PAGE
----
Often when new technology arrives on the scene to improve our lives, there is also a time of adjustment, when the unforeseen dangers and interferences of these new devices become apparent.
Examples of this learning curve take the form of everything from urban legends about people who put their unfortunate pets in the microwave, to the much documented phenomena of cell phones impairing drivers by distracting them – both with conversation, and more recently and increasingly dangerously, with text messaging.
But GPS units, those personal Global Positioning Systems that have become increasingly common on the road, seem like an unlikely contender as a road danger. At least, they may seem that way at first blush. The reality is that, like many other modern conveniences in their adjustment period, they present some very real dangers.
Like anything which demands your attention while driving, GPS units can distract motorists from paying attention to what they are doing: driving. Spending too much time fussing with, querying, and paying attention to the small navigation screen may not be as distracting as texting while driving, but it still divides a driver’s attention in yet another direction. Driving, to begin with, is less one act than it is a suite of skills which drivers must employ more or less simultaneously. The single task of making an unprotected left turn is in reality multitasking. Adding another voice to the mix – that of the GPS telling you to make the turn now – can have a detrimental effect on some drivers in some instances.
Stories about this sort of situation have been appearing on and off in the media for a few years now.
There is, however, another danger involved with GPS units, as a Nevada couple learned when they spent Christmas day stranded in the snow in a National Forest as a result of faithfully following the directions of their GPS.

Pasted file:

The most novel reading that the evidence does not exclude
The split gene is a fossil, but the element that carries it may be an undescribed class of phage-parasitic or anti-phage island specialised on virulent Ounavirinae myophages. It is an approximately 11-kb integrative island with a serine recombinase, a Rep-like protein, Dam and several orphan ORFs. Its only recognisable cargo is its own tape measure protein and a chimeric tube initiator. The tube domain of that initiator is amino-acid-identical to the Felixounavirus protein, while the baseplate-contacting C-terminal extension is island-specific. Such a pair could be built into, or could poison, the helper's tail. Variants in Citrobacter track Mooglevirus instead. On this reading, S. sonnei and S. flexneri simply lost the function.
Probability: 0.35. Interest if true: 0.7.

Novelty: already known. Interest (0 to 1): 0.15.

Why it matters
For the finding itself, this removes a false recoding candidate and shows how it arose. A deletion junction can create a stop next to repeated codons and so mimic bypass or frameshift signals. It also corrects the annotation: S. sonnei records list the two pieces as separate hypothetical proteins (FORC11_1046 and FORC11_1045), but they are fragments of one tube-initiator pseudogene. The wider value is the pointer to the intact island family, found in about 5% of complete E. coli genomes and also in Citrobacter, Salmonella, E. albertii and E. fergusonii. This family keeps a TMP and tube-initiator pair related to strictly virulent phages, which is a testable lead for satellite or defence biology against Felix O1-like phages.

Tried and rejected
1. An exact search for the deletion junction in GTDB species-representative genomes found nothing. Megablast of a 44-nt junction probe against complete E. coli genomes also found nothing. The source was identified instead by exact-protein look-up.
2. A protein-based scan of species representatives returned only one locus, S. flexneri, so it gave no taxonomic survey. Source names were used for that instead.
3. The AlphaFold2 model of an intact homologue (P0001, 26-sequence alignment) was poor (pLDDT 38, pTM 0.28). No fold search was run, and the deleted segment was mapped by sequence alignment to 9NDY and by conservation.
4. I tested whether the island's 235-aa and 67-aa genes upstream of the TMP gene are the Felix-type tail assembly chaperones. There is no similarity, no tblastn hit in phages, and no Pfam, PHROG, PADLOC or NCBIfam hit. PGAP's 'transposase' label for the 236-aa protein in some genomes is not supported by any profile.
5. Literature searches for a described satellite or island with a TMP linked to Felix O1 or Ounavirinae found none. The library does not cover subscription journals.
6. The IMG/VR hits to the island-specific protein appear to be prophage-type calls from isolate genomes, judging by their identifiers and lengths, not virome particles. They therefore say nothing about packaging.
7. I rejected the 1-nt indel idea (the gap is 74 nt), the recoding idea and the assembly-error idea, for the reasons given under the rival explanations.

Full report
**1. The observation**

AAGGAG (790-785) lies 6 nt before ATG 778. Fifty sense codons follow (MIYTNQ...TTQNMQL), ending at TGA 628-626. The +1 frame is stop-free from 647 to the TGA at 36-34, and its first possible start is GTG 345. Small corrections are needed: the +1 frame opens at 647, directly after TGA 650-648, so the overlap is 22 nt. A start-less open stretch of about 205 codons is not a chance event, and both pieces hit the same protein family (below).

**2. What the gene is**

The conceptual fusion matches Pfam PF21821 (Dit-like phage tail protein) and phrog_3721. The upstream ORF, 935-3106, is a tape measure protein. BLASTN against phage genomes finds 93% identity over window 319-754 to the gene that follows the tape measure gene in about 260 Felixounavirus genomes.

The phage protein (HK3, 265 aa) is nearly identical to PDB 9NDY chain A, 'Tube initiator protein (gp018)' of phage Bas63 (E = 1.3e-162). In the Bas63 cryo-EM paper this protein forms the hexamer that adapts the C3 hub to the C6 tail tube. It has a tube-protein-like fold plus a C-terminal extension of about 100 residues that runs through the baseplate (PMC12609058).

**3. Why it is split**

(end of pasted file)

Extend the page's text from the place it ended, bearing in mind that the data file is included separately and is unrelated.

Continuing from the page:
Their GPS had not failed. It gave them accurate directions, but it failed to take into account the details which automated programs are not at this time fully equipped to respond to. The GPS did include dangerous winter driving conditions in its directions. It did not know the capabilities of the car the couple was driving. It could not account for any number of factors that a human might consider when entering dangerous driving conditions such as whether or not they would be able to get a cellular signal if they become stranded, if there might be passersby who could lend help or if it’s possible that they will not see another car for days, and perhaps most importantly, just what the conditions of the road are.
This is not meant as advice against using GPS. One of the surest ways to avoid an automobile accident is not to be on the road, and not getting lost is definitely a way to reduce drive time. However, it is a reminder not to trust your GPS too implicitly.
And it is a reminder to, like the couple in this story, be prepared for winter’s dangers and pack a well stocked emergency safety kit. The Nevada couple’s misadventure trapped them in the snow for three days before rescue, and their preparedness may have saved their lives.